In the case that you didn’t keep notes or you still are unsure if you should cite, you can use the examples and checklist below to help you!

Example 1: In this course, I learned time-management skills.

You do not need to cite this statement, because this is your opinion and explaining your experience, and it’s a statement which is unique to you.

Example 2: Writing centers are valuable because they improve student confidence.

You need to check if you should cite this statement by looking at your notes to see if a source mentioned writing centers and student confidence improvement.
  • If a source did mention this fact, then you need to cite this statement.
  • If a source did not mention this fact, then you do not need to cite, but you will need to find a source to support this statement and avoid a personal opinion/generalization. For scholarly work, you want to avoid opinions/generalizations and instead support with research.

Example 2.1: Writing centers are valuable because they improve student confidence (Helakoski, 2017). Because writing centers improve student confidence, universities should use additional resources to support these services.

In this case, you have added a citation to your first statement. Do you need to cite the second statement here? If this is your own analysis, meaning that Helakoski or another source didn’t reach this particular conclusion, but instead it is you putting forth your analysis for the reader, then you do not need to cite the sentence. We have some great examples of explaining evidence on our evidence pages that go over analysis in conjunction with cited source material. In cases where you have analysis double check that a source didn’t reach this conclusion and that it is your own explanation for the reader to see if you should cite or not.

Example 3: The directive feedback method is when an instructor provides exact steps to revise a statement.

You need to cite this statement because you are clearly defining a term or method. Defining terms you have not created means that the definition of that term is informed by a source and therefore should be cited.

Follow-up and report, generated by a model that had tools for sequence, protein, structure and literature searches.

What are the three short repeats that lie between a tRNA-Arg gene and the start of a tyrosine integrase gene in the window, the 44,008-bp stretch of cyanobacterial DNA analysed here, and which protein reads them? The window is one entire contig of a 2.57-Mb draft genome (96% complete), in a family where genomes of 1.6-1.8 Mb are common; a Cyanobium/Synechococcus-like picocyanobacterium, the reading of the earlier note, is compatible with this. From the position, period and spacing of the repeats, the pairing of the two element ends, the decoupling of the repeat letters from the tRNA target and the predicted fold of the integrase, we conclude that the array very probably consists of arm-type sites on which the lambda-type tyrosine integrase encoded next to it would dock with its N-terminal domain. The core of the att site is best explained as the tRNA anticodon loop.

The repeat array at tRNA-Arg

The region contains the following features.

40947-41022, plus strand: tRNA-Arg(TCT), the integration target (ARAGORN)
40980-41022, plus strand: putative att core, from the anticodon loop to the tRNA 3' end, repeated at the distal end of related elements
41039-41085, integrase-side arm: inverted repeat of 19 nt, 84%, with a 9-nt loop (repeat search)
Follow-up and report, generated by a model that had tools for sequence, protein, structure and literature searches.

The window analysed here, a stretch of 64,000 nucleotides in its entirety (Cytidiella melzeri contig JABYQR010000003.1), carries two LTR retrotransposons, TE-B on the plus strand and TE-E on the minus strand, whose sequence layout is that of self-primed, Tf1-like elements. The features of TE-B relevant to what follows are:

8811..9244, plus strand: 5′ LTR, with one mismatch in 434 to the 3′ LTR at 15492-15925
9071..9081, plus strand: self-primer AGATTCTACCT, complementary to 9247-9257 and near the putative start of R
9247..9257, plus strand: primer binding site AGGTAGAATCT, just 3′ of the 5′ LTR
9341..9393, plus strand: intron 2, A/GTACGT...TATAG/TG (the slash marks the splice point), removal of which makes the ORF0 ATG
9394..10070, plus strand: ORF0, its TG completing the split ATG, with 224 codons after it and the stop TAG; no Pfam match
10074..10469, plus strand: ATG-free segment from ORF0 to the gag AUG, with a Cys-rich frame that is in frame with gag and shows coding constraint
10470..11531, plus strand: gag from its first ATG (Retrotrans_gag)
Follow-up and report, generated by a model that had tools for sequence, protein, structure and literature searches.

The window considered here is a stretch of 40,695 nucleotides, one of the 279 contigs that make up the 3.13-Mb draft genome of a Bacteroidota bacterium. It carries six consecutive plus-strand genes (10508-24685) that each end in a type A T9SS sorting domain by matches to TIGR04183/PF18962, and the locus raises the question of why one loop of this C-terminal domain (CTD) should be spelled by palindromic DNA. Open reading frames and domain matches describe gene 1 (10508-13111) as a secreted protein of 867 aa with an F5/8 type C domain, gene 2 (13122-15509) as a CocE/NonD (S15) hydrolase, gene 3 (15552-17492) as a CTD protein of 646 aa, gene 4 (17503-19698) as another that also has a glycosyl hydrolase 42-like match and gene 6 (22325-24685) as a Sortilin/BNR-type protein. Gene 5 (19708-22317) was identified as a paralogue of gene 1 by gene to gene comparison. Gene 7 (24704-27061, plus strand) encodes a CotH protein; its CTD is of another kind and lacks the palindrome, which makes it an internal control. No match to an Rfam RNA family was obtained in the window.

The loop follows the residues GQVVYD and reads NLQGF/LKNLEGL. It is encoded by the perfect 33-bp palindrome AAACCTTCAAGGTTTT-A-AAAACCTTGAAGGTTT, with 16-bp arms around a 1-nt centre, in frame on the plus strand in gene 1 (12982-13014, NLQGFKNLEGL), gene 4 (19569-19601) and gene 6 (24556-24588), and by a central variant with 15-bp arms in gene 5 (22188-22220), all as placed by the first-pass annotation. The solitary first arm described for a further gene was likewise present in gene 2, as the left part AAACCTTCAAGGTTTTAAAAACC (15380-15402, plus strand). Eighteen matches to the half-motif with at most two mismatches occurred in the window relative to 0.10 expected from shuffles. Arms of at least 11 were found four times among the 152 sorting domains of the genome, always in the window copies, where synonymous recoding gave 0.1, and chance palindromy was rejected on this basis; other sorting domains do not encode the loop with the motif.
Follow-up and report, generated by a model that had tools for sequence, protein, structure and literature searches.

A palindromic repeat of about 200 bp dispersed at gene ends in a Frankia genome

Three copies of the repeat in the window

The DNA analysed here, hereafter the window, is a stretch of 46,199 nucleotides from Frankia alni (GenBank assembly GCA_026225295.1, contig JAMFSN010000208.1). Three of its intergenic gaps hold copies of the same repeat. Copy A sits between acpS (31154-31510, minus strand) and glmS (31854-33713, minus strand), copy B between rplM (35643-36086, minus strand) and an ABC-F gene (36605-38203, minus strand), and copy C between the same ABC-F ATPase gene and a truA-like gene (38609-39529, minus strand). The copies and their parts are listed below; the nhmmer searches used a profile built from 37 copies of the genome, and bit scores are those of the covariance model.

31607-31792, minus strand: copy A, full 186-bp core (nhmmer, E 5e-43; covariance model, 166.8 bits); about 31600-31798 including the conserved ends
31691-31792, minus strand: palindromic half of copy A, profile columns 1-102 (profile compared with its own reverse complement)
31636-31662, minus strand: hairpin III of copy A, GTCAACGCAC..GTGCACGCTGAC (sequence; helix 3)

Example 4: All of the participants enjoyed visiting the writing center.

Unless you conducted this study, you need to cite this statement because it is a finding from a source. If it were a study you conducted, then it would be similar to Example 1 in that your statement would be unique to you and describing an action you completed. However, in this case, you did not complete this study and therefore need to cite this source since you are referencing the authors’ results.

Now that you’ve gone through some examples, here’s a checklist to determine if you should cite:

  1. Is your statement an “I” statement which expresses an action you took or an opinion you have? You do not need to cite.
  2. Is your statement a definition or explanation of a term? You do need to cite.
  3. Is your statement a finding, statistic, exact wording, or paraphrased wording from a source? You do need to cite.
  4. Is your statement analysis explaining source information for the reader? You need to double check if you should cite.

Keep notes as you go to avoid needing to double check with this checklist quite as much, and to have the correct citation information ready to go if you do come across something you think may need to be cited. If you are looking for help on citation formatting and frequency, you can review our how often to cite examples.

Claire Helakoski author photo

Claire Helakoski is a Writing Instructor  at the Walden Writing Center and hosts the Writing Center's podcast, WriteCast. Claire holds an MFA in Creative Writing. She has taught writing and Composition as well as acted as a writer and editor in a variety of mediums. She lives in Grand Rapids, Michigan, and enjoys reading, writing creatively, and board games of all kinds.